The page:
Foreign Exchange Trading Soars to $6.6 Trillion a Day, US Dollar is Total King
Foreign Exchange Trading Soars to $6.6 Trillion a Day, US Dollar is Total King by Wolf Richter for Wolf Street
Ginormous numbers, FX swaps and spot trades, USD, EUR, JPY, GBP, Australian & Canadian dollars… but where the heck is China’s CNY?
It happens every three years: The Bank for International Settlements released its Triennial Central Bank Survey about the global foreign exchange (FX) and over-the-counter (OTC) derivatives markets, as it occurred in April. The numbers are ginormous, and get more ginormous with every survey, with trading volume measured in trillions of dollars per day. This is a huge data trove, and I will focus here on global FX trading.
To start with, there are the amounts. Currencies are traded in pairs, such as the US dollar against the euro. In April 2019, trading in FX markets reached $6.59 trillion per day, up 30% from the prior survey period, April 2016. Trades with the USD on one side of the trade averaged $5.82 trillion per day in April 2019. This was up 31% from the daily average in April 2016 and was over five times the daily average in April 2001:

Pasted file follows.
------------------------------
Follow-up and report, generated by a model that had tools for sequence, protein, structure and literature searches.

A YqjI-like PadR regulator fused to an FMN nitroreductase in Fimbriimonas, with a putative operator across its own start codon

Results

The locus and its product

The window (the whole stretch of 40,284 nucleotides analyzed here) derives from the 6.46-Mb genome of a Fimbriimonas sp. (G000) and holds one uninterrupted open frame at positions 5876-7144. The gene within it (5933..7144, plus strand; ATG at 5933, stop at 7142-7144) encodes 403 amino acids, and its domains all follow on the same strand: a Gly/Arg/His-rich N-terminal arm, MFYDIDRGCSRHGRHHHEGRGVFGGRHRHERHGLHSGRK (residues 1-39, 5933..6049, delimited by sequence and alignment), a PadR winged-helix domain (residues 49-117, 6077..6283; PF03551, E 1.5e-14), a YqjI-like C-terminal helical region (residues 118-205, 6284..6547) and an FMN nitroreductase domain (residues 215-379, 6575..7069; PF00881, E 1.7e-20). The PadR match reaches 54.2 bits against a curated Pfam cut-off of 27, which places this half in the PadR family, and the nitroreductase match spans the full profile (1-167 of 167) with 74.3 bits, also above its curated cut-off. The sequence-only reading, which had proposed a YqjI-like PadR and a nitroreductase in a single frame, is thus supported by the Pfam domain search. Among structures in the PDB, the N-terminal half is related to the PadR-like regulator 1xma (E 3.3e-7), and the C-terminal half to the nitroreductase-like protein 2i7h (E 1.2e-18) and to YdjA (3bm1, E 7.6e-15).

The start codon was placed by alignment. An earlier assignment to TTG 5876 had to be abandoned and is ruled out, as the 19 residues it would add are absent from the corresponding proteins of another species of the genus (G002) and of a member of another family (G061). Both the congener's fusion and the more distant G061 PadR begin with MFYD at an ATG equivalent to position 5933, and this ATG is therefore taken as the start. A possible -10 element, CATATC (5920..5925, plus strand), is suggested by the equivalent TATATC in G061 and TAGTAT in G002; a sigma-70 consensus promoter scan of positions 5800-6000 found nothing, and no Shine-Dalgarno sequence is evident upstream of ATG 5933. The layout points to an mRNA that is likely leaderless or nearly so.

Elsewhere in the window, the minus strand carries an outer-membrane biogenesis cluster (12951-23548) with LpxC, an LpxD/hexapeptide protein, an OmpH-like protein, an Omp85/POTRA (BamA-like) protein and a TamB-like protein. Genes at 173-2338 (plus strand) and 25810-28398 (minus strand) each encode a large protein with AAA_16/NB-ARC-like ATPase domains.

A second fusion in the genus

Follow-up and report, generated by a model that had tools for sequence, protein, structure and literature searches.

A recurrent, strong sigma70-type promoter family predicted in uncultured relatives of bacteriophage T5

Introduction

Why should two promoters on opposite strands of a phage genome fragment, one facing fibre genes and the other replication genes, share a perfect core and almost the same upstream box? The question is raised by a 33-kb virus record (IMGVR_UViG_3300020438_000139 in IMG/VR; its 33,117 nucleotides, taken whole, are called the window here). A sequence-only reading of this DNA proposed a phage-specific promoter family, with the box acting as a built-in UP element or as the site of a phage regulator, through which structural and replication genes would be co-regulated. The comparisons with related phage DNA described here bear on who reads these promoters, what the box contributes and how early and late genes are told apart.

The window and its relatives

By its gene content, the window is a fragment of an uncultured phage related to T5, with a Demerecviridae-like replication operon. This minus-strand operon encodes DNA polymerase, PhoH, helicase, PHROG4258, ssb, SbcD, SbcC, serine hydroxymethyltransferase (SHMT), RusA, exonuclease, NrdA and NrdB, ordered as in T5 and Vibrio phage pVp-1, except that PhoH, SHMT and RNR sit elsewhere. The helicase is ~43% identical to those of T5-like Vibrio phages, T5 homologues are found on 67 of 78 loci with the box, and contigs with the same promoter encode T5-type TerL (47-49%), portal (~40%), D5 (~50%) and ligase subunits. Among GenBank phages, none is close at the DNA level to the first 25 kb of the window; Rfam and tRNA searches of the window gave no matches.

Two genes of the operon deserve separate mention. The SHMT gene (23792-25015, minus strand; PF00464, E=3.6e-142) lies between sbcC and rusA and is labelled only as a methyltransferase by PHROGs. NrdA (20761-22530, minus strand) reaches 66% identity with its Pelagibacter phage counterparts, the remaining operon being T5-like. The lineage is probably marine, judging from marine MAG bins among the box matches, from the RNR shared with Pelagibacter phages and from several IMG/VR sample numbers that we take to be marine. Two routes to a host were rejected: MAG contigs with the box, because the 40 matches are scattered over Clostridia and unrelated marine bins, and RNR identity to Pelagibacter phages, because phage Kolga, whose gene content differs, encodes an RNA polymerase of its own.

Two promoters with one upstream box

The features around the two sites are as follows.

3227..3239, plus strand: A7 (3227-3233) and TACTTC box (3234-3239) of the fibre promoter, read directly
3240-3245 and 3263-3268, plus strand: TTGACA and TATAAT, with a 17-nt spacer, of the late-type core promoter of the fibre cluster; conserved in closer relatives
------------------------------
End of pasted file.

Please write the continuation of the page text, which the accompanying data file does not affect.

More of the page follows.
The sudden appearance of the euro in 2001 as the second largest currency out of nowhere indicates that at that time, it had just replaced five currencies, including the biggie, the Deutsche Mark.
The chart above shows the top 16 most traded currencies. Four have a significant share – USD, EUR, Japanese yen (JPY), and British Pound (GBP). The remaining 12 of the top 16 currencies are the limp spaghetti at the bottom of the chart, including the Chinese renminbi (CNY).
In terms of the share that a currency is on one side of a trade, the US dollar remains total King, at 88.3%. Its share has remained relatively stable over the years, despite three factors:
One, the arrival of the euro, whose share, after a brief surge to 38% between 2001 and 2010, got whacked by the euro debt crisis in 2010-2012, and fell to a series low of 31.4% in 2016. But in 2019, its share ticked up to 32.3%. This slight increase in share was due to higher than market-average growth in trading of the EUR/JPY and the EUR/CHF currency pairs.
Two, the surge of emerging market currencies, including the CNY, from near zero in 2001 to 21% in 2016, and to 24.5% in 2019.